There is a lot of buzz around attribution.  In this session, Sid Shah from Adobe spoke about the following topics as it relates to Attribution and your Media Mix by looking at the following three items:

• Choose the right model
• Attribution does not equal Media Mix
• Media mix models should be realistic and predictive

For attribution, you can’t rely on the Last Click.  49% of conversions happen after multiple clicks so you must analyze the entire path to be predictive. There are many different Heuristic Attribution Models:

• Last Click
• First Click
• Equal
• Last More
• First More
• Custom

Mathematically all these models are equally right an equally wrong.
Here are a couple complex models:

• Bottom’s Up Attribution – the theory here is you start with two different methods and see what converts.  For example,  you start with a search and display an impression and measure the conversions. Then you do the same without the impression and see what is the conversion rate.  From here you can calculate probabilities of conversion based on the conversion paths.  Unfortunately, this method is problematic when it comes to scaling up the testing.
• Shapley Top Down Attribution – Roy Shapley won a nobel prize for Game Theory.  Here you start with a goal and see how each marketing/sales effort contributes to the response.  Here you have to account for extraneous factors like weather, pricing, the economy and others that may affect the measures.  So you want to see if you increase one marketing effort by 5%, how does that affect the conversion rate.  If all channels and efforts contribute equally, then attribution is a simple redistribution of sales based on the fraction of impressions. But if there is unequal persuasion in the various channels, you can then find the attribution of each channel and develop probablities for the effect of a channel on the overall outcome.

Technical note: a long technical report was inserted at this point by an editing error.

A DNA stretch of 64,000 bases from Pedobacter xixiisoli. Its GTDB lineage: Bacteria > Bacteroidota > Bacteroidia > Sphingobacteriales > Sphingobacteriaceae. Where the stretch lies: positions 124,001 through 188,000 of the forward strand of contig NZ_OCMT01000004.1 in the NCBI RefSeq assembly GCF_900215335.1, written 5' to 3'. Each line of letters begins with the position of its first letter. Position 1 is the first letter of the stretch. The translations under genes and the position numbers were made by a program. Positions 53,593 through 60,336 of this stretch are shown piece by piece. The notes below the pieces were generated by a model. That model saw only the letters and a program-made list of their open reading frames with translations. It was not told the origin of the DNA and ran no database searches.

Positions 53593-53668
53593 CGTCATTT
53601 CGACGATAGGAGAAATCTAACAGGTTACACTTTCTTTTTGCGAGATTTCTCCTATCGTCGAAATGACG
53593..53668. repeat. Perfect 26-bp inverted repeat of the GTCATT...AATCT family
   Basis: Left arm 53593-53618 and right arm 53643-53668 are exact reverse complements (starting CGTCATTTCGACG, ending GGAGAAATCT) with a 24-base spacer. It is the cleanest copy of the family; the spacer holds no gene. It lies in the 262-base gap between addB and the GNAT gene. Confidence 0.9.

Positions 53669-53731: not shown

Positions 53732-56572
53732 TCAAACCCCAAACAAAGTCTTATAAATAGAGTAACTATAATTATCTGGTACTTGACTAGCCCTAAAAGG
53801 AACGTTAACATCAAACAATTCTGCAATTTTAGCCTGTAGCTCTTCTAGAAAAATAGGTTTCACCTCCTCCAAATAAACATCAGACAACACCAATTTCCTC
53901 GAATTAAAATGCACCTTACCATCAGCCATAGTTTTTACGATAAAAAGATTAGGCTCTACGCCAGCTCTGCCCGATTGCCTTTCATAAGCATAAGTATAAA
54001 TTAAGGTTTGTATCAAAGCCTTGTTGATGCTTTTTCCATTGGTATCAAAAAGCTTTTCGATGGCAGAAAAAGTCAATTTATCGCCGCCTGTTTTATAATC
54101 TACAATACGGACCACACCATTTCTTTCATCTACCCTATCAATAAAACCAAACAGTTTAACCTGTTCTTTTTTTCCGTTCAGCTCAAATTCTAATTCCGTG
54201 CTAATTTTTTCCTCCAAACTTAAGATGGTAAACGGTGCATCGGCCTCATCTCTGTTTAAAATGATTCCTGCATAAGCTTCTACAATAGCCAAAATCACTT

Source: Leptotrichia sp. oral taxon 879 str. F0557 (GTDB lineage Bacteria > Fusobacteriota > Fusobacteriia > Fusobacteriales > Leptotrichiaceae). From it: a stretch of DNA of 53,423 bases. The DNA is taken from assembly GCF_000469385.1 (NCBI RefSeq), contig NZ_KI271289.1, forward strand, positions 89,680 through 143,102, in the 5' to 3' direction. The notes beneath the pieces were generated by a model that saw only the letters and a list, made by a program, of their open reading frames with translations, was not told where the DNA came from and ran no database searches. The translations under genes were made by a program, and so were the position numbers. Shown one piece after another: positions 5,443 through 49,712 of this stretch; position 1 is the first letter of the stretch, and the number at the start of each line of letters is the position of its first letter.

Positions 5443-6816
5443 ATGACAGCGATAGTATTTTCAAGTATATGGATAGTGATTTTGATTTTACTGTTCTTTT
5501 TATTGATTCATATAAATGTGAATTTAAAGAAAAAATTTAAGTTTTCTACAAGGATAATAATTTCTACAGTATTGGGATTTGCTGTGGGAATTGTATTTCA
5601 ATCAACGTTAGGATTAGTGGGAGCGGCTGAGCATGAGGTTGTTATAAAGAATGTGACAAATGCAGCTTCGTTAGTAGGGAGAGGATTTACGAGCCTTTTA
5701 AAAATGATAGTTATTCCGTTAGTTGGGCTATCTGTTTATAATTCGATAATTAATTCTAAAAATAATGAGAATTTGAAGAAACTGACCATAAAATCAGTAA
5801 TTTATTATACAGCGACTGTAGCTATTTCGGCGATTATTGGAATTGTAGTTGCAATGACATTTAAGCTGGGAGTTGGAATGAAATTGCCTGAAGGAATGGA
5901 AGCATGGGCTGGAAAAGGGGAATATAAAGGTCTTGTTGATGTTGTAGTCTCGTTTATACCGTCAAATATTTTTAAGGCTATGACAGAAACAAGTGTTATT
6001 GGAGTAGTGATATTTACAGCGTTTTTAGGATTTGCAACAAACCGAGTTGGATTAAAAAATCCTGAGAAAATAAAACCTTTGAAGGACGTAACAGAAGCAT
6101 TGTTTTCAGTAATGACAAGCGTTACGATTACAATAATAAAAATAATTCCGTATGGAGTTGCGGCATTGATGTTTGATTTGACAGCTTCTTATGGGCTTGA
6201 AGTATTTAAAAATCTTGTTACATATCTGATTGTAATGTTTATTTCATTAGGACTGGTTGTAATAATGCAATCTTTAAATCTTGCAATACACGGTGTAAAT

Note that attribution looks back in time and does not provide you a future view.  This is where the Media Mix comes into play.  Most marketing response usually follows a power-law model.  However, the models can become complex very quickly because there are multiple marketing inputs, macro influences, and mutliple outcomes that have to be part of the model.  Once you have a good model, you can then start to use the Shapley Attribution to gain insights with which to do Media Mix planning.
Sid presented a case study that showed several media channels where email and display were most effective at the point in time.  After going through the attribution process to see where channels affected leads and revenue, we find that display is contributing more to leads and less to revenue.  PR was attributed to a small impact on leads, but had a large impact on revenue.  This data helps us see where we gained good outputs based on historical data.  But Sid warns not to use this data for future planning.
Using the insights, we can optimize the market spend inflight on the media mix that contributes most to our goals. However the optimum mix may not be possible due to other constraints.  In the example, the optimization process said to increase spend on PR by 70%.  However the company could not hire enough PR people quick enough to make this optimization possible.
Adobe has a Market Mix Planner product that will help in the planning process.

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Mark Polly is Perficient's Chief Strategist for Customer Experience Platforms. He works to create great customer, partner, and employee experiences. Mark specializes in web content management, portal, search, CRM, marketing automation, customer service, collaboration, social networks, and more.

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